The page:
Skip to main content

EDI Leadership Series: Heather Nyman

HEATHER NYMAN, PharmD (she/her)

Assistant Dean for Equity, Diversity, and Inclusion at the College of Pharmacy

Areas of Focus: Affordable Care, Student Pathways, Equitable Hiring Practices

Tell us a little about yourself.

I’m originally from North Carolina; my family’s always lived in the South, and I’m the first generation to leave. I’m a pharmacist by training and studied in both Utah and North Carolina. I’m a divorced mom of three elementary-aged kids. I love cooking, trail running, and my favorite place on the planet is the forest of western North Carolina. That’s my happy place.

How did you first get started in EDI work?

To be honest, this wasn't a natural fit for me. I was recommended for this position by a coworker, though I never considered it for myself.

I’m passionate about people being seen as people. I’ve experienced bias myself: as a female scientist with a southern accent, a divorced mom. There are a lot of labels and expectations that come with that.

I look at our students and their experiences—the same way I look at my own kids—and I just want to make things in our little world better for them. I don’t know if I’ll ever feel satisfied that my effort is enough, but I really just want the folks who come through the College of Pharmacy to feel like they belong, like they matter, and to feel free to do their best work.

What’s an EDI issue you’re passionate about?

I currently practice at University Hospital where we provide care regardless of ability to pay. I’ve not always worked in settings like that. The main place where I see disparities now is in what people have access to before they come into the hospital and what we can send them out with after leaving the hospital. But while they're in the hospital, there's drastically fewer inequities, which is a wonderful place to work.

What projects are you proudest of?

In what’s now been our first year, we’re focused on getting our committee fully constituted with representation from across the college. We really wanted to take it slow from the beginning and get feedback from folks across the College of Pharmacy before we embark on any initiatives.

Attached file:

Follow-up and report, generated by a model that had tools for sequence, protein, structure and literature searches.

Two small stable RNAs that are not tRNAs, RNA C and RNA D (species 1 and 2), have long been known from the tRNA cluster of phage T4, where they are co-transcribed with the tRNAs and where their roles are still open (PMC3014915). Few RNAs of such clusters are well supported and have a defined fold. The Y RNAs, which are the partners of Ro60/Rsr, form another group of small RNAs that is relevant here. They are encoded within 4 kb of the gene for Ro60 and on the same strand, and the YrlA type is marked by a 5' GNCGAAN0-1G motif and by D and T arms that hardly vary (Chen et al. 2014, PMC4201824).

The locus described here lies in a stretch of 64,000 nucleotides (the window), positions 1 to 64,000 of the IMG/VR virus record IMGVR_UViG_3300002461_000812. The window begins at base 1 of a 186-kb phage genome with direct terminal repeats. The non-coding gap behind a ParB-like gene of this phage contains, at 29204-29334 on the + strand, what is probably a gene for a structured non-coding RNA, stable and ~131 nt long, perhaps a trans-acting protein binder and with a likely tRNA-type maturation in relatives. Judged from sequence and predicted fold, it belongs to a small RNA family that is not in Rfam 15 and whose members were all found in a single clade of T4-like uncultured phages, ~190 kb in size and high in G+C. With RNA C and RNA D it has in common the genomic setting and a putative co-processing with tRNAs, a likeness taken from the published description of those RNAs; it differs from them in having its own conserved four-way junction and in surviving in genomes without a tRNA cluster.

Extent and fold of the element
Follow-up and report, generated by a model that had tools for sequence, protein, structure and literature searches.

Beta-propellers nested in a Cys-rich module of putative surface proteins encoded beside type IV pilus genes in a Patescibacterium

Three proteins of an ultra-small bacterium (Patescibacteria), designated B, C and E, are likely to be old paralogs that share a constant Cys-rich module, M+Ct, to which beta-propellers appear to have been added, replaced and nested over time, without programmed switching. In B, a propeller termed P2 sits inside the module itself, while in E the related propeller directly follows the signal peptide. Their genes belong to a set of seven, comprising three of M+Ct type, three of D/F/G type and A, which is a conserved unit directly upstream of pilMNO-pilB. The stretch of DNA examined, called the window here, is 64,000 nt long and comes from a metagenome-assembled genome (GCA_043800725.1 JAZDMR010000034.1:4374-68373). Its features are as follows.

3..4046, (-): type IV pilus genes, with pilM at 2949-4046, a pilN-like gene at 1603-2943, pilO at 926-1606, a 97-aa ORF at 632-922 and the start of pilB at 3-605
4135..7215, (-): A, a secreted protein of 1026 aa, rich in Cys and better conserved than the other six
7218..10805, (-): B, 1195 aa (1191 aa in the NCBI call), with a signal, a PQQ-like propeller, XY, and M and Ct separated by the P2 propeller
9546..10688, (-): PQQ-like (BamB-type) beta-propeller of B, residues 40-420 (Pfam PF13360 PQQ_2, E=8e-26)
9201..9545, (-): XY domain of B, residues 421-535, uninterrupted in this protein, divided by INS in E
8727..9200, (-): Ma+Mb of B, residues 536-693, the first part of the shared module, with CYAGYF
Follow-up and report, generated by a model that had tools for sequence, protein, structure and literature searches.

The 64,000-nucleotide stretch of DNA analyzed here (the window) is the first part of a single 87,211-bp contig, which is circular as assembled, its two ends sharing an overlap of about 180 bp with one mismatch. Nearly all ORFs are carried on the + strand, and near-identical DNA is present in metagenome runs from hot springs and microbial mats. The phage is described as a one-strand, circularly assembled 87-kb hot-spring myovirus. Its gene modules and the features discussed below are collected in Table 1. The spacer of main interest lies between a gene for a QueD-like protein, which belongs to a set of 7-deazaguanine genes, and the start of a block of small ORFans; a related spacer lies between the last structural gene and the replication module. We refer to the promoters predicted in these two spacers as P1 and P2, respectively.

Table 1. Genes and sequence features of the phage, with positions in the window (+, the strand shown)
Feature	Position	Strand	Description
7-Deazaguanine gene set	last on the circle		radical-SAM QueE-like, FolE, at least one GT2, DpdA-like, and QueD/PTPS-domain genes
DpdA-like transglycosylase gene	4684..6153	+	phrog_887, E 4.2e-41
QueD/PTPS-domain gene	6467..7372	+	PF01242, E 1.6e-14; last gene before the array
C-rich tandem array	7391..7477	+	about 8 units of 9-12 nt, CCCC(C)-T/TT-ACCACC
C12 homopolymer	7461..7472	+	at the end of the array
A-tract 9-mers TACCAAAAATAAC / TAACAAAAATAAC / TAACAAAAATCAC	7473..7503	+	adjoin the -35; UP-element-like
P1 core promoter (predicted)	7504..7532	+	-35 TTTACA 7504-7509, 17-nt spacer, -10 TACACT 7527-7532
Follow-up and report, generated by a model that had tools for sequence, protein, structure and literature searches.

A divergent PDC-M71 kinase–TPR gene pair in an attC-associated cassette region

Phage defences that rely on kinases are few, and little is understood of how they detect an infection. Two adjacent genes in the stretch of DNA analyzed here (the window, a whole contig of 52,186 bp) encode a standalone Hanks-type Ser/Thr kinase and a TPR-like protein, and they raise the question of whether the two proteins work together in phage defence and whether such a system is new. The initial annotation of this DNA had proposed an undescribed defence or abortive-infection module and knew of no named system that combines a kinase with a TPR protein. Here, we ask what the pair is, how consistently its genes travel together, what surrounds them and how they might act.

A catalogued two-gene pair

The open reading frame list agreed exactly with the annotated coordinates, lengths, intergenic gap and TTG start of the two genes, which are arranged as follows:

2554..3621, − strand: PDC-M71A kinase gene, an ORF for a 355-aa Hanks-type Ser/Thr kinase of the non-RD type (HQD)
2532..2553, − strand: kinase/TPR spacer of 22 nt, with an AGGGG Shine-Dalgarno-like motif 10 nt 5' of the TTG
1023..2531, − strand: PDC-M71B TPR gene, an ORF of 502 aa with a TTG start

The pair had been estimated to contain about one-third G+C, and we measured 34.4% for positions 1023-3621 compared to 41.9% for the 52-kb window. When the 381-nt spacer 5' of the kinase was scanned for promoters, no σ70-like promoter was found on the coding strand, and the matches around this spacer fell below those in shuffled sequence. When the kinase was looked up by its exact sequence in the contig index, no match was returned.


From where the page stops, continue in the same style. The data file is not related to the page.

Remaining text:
Looking to the future, what’s your vision for the College of Pharmacy?

Our first goal is to look at the curriculum and incorporate EDI competencies throughout so that students are constantly being educated in equity. We need training for our faculty as well. If we’re going to change our curriculum and hold students accountable, our teachers also need exposure to some of the same concepts. It is powerful for students to interact with faculty mentors who are also on their own personal journey to become more inclusive and advance health equity.

Our other initiative focuses on outreach. We want to evaluate our faculty hiring processes to see if there are changes we can make to improve hiring and recruiting a diverse group of folks. That goes for student pathways too. We have a relatively diverse class that gets more diverse each year. But we are always trying to do more, especially in supporting students once they’re here.

What do you find most fulfilling about this work? Most frustrating?

Across both my patient care and teaching experience, I’ve realized that there are highs and lows. The highs are usually meaningful, individual experiences and the lows are when the bureaucracy makes you feel like you’re not being efficient or making progress. I’ve learned to ride those waves, knowing that it fluctuates.

One of the hardest parts of this work is seeing the big picture. It’s easy to get overwhelmed in the details, so stepping back and looking at the whole picture helps when you need to adjust your focus. Even as I say it, I get lost in the details all the time. But you can always step back and say, “These are the people. This is the work. This is what matters.”


Associate Director of Equity, Diversity, & Inclusion at Huntsman Cancer Institute (HCI)


Associate Professor of Infectious Diseases and Associate Dean for Health Equity, Diversity, and Inclusion at the Spencer Fox Eccles School of Medicine


Associate Professor of Patient Communication and the Associate Dean for Health Equity, Diversity, and Inclusion at the University of Utah School of Dentistry